First they set up a 15X15m, six pole tent with huge lounge chairs, and then proceeded to disrobe. There they were, in the outfits that God blessed them with on the day of their birth, albeit much much bigger versions thereof. Even the emperor’s men couldn’t have hidden the fact that these two were in the buck. Of course, I fully understand a couple of things:
- If one person has the right to go naked on the beach, everyone should have the same right.
- People like to go nude on the beach because it makes them feel closer to nature.
- We should not judge people by the size or shape of their bodies.
Then I recalled the Seinfeld episode about Good and Bad Nakedness. And this was really bad nakedness. These two were absolutely gigantic. They were in their mid sixties and both weighed well over the 260lbs range. He was covered in a thick down coat of body hair and was only wearing a nice pair of Bose headphones. As a matter of fact, between his body hair and overhanging monstrosity of a belly, all you could see were is testicles and nothing else below the equator – menos mal. I won’t even go into her, won’t go there! I tried to look away, but they were occupying the entire view.
I consider myself fairly tolerant. I even believe that one of the nice things about nudism on European beaches is that they teach us that we are not built like (or supposed to be built like) porn stars or models. People’s body are full of imperfections and that’s what makes them so natural. This reminds me of a story I heard from a Buddhist monk in university about a Buddhist who was too taken in my physical beauty. His superior made him meditate in front of a decomposing corpse for days in order to show him how the physical is always in a constant state of impermanence, suffering, and decay. And that is what I thought as I looked at the rest of the humanity around me.
There were people of all ages and sizes, and there were couples and entire happy naked families. They were celebrating the beauty of the nature in their own way, in their own natural state. Fine, if I didn’t want to bear witness to their nature, I could simply go back home to the States and to a good old fashioned morally upright American boardwalk. But, I think there is a middle ground:
- Taking up 15X15m of the beach is not acceptable. Just like blasting loud music or farting in a crowded elevator are not acceptable.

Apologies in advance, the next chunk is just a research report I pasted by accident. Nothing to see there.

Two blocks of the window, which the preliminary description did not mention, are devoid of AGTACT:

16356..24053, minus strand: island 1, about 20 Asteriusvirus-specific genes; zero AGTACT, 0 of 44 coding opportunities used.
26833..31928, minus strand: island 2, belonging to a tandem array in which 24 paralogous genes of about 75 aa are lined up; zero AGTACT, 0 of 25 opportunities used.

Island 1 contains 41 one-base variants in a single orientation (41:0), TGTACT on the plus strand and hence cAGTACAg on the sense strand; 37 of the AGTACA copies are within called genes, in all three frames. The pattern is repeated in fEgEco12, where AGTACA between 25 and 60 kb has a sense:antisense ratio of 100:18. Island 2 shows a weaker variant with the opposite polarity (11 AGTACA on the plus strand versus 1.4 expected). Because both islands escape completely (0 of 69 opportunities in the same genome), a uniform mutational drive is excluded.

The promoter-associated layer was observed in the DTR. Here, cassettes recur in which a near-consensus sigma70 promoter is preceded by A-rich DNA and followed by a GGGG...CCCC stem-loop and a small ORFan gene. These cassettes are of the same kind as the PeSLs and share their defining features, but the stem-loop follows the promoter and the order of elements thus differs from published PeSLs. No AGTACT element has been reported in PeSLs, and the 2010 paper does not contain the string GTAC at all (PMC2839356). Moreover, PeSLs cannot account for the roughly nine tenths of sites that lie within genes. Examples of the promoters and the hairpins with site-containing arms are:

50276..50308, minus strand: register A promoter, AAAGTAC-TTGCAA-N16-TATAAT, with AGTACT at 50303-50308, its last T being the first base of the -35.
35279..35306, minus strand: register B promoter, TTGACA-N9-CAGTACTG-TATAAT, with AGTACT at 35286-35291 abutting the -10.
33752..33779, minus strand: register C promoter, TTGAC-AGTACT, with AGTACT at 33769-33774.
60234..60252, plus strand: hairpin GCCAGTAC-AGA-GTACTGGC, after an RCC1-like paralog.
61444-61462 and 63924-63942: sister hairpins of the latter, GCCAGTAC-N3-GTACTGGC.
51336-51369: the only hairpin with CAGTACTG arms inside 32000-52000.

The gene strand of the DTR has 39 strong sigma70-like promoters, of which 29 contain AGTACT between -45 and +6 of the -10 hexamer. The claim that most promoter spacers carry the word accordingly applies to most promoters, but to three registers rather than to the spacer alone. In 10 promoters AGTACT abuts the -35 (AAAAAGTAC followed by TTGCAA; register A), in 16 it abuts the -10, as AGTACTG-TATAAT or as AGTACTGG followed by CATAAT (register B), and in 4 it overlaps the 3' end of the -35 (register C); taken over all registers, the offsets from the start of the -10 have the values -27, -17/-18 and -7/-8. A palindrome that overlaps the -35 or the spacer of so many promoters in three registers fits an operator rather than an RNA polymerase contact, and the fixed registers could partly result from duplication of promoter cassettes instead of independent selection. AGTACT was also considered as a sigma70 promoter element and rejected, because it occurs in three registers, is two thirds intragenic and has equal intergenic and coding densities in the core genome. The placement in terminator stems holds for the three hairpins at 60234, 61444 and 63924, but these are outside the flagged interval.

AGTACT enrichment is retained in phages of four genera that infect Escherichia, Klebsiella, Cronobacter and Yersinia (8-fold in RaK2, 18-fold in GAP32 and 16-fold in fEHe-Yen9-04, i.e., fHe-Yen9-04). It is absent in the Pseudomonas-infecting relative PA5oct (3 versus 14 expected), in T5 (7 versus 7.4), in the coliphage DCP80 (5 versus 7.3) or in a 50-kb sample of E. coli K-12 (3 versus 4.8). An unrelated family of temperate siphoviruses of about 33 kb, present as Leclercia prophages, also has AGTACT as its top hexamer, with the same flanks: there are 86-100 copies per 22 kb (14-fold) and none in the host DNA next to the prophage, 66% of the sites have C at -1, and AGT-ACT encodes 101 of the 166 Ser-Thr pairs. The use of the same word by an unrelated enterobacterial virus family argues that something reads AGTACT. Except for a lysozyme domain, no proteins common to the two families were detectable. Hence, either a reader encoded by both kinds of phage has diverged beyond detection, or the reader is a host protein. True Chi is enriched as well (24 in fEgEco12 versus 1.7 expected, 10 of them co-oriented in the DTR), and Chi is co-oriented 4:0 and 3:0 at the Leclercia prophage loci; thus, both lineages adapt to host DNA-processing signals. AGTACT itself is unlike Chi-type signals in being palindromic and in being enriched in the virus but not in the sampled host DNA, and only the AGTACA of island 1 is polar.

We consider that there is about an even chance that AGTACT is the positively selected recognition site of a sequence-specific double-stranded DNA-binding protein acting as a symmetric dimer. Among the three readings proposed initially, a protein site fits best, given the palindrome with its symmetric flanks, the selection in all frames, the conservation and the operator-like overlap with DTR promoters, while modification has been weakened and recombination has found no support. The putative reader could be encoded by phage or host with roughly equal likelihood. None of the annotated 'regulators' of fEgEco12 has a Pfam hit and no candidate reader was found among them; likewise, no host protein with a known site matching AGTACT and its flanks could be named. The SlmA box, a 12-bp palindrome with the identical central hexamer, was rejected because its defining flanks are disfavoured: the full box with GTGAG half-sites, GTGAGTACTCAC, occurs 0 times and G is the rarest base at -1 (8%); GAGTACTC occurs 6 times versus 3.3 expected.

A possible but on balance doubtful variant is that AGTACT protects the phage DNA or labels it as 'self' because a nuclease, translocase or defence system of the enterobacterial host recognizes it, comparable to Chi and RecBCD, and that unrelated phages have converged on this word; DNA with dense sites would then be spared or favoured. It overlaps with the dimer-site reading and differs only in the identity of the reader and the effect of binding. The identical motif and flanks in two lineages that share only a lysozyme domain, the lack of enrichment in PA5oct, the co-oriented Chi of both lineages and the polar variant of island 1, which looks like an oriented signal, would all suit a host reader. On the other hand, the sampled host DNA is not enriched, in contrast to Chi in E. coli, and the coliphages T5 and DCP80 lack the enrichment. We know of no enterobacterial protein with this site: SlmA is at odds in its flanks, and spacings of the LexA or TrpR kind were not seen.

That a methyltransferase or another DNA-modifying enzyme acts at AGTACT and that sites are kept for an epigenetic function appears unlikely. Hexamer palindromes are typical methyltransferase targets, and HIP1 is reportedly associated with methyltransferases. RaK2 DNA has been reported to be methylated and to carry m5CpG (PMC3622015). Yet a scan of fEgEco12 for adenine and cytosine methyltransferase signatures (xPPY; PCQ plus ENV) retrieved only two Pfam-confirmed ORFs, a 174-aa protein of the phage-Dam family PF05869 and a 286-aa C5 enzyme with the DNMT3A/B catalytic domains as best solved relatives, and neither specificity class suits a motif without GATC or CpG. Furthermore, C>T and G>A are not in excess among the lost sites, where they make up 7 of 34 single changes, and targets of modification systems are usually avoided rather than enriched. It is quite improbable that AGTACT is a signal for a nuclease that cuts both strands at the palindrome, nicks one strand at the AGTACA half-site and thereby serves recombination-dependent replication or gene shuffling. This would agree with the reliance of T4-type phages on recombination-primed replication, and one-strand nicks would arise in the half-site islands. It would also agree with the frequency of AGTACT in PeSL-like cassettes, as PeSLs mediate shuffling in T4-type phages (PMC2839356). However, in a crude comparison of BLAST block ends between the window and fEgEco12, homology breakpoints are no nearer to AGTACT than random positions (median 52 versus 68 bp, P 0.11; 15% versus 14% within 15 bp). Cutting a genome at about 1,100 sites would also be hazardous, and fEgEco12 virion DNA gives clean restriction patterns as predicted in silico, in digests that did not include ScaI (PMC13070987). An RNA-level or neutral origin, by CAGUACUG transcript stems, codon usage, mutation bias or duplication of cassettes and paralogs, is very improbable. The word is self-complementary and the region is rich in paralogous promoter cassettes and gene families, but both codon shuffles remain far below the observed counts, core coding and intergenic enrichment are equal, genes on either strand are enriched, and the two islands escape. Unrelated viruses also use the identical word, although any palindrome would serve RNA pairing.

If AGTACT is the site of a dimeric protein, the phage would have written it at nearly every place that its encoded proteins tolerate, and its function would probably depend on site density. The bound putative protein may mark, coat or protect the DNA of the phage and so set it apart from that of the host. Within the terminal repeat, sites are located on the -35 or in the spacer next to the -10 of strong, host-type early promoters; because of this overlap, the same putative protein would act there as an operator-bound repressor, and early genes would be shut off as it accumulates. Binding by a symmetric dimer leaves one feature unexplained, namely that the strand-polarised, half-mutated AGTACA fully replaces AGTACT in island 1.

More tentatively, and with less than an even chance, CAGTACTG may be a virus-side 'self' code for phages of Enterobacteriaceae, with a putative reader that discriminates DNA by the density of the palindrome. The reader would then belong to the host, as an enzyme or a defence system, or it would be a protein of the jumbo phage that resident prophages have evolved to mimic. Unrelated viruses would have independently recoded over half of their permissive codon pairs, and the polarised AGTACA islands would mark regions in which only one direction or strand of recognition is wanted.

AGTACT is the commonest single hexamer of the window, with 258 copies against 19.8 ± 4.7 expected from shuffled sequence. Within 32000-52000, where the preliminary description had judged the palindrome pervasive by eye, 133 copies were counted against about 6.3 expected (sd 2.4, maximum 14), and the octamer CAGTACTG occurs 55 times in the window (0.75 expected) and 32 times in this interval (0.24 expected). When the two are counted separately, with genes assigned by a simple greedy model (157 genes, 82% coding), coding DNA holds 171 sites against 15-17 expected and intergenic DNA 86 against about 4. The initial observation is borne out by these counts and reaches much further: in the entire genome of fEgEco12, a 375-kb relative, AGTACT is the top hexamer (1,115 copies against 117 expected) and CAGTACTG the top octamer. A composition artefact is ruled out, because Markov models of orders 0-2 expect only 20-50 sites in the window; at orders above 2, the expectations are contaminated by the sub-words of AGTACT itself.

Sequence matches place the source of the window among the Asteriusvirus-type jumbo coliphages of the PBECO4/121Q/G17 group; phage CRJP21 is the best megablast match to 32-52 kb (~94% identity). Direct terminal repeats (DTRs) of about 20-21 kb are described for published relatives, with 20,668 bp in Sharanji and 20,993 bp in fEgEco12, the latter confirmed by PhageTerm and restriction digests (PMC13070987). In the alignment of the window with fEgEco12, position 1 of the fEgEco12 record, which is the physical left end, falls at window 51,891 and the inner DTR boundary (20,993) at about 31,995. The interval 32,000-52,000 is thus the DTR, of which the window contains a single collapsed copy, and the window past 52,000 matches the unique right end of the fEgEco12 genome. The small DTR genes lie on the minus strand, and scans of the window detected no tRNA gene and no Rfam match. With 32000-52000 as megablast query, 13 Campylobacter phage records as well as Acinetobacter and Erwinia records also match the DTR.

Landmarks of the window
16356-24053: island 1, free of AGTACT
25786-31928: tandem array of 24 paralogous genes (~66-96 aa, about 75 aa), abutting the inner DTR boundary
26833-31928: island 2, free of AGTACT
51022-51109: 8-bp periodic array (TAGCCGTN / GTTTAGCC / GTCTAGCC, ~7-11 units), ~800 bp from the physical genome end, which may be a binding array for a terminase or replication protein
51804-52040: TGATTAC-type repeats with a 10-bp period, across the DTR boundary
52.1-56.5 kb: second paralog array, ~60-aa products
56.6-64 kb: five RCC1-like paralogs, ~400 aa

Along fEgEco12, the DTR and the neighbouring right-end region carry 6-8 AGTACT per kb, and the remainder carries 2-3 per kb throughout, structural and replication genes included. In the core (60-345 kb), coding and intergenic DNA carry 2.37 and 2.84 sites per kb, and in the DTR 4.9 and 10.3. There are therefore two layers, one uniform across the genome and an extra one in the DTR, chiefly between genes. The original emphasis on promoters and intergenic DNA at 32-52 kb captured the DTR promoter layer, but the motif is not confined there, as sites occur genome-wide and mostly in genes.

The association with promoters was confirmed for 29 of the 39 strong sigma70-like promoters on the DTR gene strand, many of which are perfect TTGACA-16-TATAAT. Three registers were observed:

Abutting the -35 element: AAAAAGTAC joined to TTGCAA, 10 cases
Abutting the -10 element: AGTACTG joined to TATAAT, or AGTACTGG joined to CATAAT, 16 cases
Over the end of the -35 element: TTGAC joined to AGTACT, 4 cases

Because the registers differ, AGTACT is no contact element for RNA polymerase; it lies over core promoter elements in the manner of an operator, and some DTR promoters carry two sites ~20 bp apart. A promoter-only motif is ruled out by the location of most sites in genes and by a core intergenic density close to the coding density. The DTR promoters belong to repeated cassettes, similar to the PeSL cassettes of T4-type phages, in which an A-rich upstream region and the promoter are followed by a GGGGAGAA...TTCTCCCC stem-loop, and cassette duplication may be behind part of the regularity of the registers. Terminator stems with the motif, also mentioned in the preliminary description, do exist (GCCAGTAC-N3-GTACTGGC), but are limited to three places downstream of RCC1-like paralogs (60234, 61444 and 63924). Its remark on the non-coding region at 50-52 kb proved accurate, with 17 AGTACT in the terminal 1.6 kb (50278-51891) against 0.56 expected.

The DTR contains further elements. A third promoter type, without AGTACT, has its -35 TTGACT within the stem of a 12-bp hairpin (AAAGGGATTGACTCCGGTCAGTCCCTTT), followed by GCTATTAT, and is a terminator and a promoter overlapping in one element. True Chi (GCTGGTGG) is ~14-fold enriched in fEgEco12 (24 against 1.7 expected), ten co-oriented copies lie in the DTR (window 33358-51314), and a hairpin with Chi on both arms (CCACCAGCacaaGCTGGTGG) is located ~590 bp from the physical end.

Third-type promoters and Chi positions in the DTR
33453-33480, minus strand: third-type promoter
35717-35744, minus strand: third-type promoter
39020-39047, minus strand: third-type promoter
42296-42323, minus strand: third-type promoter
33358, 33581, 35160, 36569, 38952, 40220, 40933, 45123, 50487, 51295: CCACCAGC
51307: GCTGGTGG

- Too much nature in the wild is also unnatural. It distracts from the pure beauty of the place. They should find a more remote beach to spread their shade across the horizon.
- The human being didn’t take that great evolutionary step when it first began to walk upright, but rather when it put on its first pair of trousers.
- This couple’s nudity was not meant to be discrete but to be noticed and offensive. I can’t think of any other reason why they would expose themselves to the world.
Or maybe I could. I figured that in some way their nudity was actually an outcry, a statement against society’s rejection of their size. They must think that if no one ever wanted to see them naked (no one’s calling them over for an orgy or out on a date), well, heck they would seek their revenge. They would find a beautiful and peaceful spot where people go to rest and enjoy nature in it purest form (at least where nature was still unblemished), and force us all to see what we didn’t want to see, what we were always asking not to see.
And I don’t think they were the only ones. After their arrival, every time I looked up and saw a couple I would never want to see naked, they’d park themselves next to me and show their goods in all their splendor. These people are all saying, “You don’t want to look at me, well tough luck. Look! You can’t have your cake and eat it too. You want the beach, well you’re getting with all of me”.
Ironically, with some many different body types of all sizes and shapes, you lose any sense of eroticism whatsoever towards the naked body. People are much sexier when they’re nudity is worn underneath their clothes. And the body is what it is, and nothing more. Unfortunately, it is the media that dictates what is attractive and what is not — and until we start seeing lots of naked people around us, we don’t begin to see the farce behind the media’s depiction for what it really is, and we don’t always see how very impermanent we are. Having said that, there are extremes that do nothing more than block the sun on a beautiful day.